Poland (0 reactors operable, 6 planned): The first of the 6 planned nuclear power reactors is to be built by 2022, along the Baltic Sea.

Romania (2 reactors operable, 2 planned, 1 proposed): There has been no change in this country's policy towards nuclear power.

Slovak Republic (4 reactors operable, 2 in contruction, 1 proposed): The government has continued construction of the new MOCHOVCE units with commercial operation planned for 2013-2014.

Slovenia (1 reactor operable, 1 proposed): There has been no reported change in the nuclear policy of the government.

Spain (8 reactors operable): There has been no reported change in the nuclear policy of the government.

Sweden (10 reactors operable): In Sweden, at a parliamentary debate on 31 March, it was made clear that the current government does not intend to change a 2009 policy which would allow only the existing nuclear reactors to be replaced at the end of their lifetime.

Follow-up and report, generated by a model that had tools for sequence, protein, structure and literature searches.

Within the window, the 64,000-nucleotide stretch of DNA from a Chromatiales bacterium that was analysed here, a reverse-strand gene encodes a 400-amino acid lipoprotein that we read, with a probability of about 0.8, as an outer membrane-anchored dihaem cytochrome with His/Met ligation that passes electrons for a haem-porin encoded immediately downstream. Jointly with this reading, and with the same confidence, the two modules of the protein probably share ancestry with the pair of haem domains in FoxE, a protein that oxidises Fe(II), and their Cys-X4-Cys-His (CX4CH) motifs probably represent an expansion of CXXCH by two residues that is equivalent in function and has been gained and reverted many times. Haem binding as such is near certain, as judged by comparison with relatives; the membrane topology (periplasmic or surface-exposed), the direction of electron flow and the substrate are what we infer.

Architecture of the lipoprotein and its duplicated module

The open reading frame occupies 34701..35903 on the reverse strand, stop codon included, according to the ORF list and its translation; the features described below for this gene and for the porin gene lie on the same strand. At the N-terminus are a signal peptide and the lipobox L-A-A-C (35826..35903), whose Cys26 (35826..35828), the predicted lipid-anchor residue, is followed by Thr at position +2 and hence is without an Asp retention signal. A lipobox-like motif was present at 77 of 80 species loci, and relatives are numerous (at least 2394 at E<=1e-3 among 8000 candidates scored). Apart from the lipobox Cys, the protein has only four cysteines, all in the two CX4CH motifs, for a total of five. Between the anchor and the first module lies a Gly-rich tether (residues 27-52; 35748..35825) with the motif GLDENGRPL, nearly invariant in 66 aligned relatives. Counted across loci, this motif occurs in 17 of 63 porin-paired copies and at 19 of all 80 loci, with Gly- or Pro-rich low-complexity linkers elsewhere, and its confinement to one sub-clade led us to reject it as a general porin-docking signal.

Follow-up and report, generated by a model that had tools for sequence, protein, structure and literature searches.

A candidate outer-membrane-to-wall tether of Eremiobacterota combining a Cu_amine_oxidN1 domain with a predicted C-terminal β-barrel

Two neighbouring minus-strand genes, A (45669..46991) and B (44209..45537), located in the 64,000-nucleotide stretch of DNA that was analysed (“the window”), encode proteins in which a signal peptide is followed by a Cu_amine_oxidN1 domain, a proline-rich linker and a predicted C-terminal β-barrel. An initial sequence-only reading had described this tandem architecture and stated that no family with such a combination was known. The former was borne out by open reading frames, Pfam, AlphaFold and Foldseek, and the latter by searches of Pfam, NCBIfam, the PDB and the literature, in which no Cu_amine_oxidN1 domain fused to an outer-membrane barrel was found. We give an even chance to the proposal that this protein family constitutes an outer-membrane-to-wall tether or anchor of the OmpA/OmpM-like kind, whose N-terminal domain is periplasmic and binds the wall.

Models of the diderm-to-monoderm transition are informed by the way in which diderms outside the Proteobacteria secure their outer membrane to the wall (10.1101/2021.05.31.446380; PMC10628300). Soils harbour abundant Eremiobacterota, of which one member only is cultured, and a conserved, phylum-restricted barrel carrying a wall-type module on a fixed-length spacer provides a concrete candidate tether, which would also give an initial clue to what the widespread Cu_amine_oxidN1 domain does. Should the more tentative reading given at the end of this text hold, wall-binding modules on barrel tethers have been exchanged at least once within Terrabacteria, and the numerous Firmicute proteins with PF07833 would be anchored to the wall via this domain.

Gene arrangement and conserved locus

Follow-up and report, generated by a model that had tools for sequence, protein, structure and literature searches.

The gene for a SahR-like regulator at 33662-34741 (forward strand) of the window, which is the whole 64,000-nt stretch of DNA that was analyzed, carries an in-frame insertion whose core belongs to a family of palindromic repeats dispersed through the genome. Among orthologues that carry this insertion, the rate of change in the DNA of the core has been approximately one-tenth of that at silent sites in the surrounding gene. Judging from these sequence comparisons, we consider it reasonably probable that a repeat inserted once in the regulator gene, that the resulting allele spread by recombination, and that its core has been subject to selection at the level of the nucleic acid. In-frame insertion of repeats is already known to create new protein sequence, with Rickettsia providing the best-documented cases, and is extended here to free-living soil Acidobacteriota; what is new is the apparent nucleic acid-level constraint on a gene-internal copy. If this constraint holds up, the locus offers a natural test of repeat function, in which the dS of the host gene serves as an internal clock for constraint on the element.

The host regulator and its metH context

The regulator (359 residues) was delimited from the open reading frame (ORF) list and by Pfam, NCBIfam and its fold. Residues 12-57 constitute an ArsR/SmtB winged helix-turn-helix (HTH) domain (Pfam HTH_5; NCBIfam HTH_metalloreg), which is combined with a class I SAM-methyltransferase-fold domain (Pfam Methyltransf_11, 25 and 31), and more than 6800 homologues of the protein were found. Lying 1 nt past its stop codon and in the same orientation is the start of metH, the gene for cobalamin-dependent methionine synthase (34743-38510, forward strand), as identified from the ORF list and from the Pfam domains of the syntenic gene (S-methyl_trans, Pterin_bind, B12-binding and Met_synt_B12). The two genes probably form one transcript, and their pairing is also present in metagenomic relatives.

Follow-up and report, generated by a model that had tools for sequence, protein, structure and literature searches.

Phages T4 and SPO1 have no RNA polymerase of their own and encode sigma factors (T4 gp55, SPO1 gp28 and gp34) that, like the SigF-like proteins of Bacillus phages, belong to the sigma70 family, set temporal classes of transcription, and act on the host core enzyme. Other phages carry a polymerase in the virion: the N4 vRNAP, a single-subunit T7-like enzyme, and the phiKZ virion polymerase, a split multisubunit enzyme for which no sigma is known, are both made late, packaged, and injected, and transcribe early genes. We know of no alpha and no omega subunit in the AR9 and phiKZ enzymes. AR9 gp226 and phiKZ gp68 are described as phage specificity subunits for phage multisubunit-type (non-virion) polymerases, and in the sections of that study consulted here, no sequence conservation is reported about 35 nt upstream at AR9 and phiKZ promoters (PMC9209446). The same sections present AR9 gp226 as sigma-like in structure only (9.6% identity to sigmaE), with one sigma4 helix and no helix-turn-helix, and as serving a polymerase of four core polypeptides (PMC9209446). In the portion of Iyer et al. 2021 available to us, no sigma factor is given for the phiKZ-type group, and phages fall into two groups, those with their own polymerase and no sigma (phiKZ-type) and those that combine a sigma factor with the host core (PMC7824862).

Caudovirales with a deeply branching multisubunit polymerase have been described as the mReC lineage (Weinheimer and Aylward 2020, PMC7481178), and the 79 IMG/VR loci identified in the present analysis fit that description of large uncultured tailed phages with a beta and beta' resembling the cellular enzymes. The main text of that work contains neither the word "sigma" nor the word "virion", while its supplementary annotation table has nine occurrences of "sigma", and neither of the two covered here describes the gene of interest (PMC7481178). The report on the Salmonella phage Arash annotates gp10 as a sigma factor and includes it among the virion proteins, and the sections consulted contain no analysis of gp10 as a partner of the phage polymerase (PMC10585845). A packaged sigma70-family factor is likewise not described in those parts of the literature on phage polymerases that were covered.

United Kingdom (17 reactors operable, 4 planned, 9 proposed): In a House of Commons debate on 24 March, the secretary of State, Energy and Climate change, Chris Huhne commented that the UK will continue with the plans as set out in the coalition agreement, but with emphasis on safety. The UK government has commissioned Dr. Mike Weightman, the UK’s Chief Inspector of Nuclear Installations, to examine lessons apparent from the Fukushima incident. An interim report published 18 May 2011 found there was no need to curtail the operations of nuclear plants. However, the report recommended 25 areas for review to determine whether appropriate measures could improve safety in the UK nuclear industry. These include reviews of the layout of UK power plants, emergency response arrangements, dealing with prolonged loss of power supplies and the risks associated with flooding. The final report was due in September 2011 and covered all nuclear installations.

NOTE: A World Energy Council document from March 2012 on the changes in nuclear energy policy one year after the Fukushima Accident can be downloaded here.